Self-renewal

Self-renewal is the process of giving rise to indefinitely more cells of the same cell type. All stem cells have the capacity to self-renew by dividing.

Latest Research and Reviews

News and Comment

  • News and Views |

    Haematopoietic stem cells (HSCs) are maintained in vivo by intrinsic programs and extrinsic niche signals. Ex vivo expansion of HSCs is limited, owing to reduced stem cell maintenance factors. A study now shows that rejuvenated niche cells can be obtained by transcriptional rewiring of specific genes that maintain and expand HSCs ex vivo.

    • Aparna Venkatraman
    •  & Linheng Li
    Nature Cell Biology 21, 540-541
  • News and Views |

    The cancer-suppressive mechanisms underlying a tissue’s response to spontaneous oncogenic mutations during homeostasis are largely unknown. A study now explores how clonal expansion of epidermal stem cells with specific oncogenic mutations might be restricted by their elimination through enforced differentiation.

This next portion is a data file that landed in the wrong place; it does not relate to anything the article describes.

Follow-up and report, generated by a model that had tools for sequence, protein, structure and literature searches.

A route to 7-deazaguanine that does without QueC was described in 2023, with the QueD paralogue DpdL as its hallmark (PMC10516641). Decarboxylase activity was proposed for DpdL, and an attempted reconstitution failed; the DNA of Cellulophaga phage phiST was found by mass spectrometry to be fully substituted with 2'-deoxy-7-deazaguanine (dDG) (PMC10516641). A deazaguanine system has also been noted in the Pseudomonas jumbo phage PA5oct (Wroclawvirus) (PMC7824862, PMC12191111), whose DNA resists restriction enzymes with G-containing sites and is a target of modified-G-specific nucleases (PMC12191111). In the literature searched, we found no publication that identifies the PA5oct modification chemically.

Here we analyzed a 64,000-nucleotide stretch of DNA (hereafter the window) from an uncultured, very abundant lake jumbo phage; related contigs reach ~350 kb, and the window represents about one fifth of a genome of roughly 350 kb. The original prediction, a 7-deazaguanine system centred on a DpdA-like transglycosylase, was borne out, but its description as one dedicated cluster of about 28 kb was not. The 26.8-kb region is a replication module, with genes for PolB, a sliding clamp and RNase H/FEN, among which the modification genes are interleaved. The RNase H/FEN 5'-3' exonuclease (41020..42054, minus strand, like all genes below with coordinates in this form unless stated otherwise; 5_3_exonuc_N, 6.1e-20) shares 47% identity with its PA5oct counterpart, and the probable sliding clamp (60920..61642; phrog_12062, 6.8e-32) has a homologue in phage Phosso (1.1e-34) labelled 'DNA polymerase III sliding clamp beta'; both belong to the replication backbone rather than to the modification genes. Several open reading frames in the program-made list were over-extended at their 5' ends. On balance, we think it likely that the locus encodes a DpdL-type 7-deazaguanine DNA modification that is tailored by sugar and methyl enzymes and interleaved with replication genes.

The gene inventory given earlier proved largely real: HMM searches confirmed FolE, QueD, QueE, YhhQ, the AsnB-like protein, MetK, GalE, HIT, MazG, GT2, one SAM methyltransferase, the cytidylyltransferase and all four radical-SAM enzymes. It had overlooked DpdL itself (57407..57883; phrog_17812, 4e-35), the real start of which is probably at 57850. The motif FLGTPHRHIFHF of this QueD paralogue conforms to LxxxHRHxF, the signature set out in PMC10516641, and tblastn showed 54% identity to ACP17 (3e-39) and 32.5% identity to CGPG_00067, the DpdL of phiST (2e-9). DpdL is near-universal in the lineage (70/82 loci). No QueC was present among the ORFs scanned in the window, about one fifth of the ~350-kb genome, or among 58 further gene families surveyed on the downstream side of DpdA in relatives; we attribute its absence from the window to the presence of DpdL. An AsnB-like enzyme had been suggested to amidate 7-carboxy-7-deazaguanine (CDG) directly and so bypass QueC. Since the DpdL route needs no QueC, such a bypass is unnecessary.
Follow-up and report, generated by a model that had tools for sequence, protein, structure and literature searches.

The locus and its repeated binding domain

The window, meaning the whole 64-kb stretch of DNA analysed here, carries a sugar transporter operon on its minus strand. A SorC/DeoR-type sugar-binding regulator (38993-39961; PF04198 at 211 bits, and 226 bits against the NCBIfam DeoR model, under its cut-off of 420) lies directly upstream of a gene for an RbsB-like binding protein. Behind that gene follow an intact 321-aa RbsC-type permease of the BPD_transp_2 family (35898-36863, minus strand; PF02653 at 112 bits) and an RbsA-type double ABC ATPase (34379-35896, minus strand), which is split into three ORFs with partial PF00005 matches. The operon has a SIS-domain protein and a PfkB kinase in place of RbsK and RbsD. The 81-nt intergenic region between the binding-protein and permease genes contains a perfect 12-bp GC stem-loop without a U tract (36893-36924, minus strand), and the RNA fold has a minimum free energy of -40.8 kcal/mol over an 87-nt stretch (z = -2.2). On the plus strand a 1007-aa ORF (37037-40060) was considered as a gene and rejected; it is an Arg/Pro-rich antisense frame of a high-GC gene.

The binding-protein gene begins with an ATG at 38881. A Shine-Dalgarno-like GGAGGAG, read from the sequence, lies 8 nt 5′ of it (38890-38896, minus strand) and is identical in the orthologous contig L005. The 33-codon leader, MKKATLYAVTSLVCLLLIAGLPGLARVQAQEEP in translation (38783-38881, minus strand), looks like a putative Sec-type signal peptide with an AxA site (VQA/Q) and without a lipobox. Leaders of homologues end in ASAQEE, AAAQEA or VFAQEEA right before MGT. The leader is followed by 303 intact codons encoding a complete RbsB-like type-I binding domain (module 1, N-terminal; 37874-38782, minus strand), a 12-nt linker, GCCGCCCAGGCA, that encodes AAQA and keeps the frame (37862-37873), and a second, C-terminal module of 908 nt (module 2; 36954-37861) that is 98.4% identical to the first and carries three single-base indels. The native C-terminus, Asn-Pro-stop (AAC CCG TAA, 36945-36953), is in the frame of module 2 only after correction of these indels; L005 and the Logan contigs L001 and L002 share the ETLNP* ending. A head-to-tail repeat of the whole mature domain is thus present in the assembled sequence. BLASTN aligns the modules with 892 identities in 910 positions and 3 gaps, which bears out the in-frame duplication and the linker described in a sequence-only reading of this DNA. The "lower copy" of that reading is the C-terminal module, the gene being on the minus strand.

• Paola Kuri
    •  & Panteleimon Rompolas
    Nature Cell Biology 20, 1237-1239
  • News and Views |

    The dogma that self-renewal is a defining characteristic of stem cells, which stemmed from studies of the hematopoietic hierarchy and quickly spread by analogy to all tissues, has been shattered by scientists pointing a microscope at the hematopoietic system itself. A microglial cell is clearly fully differentiated, and yet it self-renews.

    • Fabio Rossi
    •  & Coral Lewis
    Nature Neuroscience 21, 455-456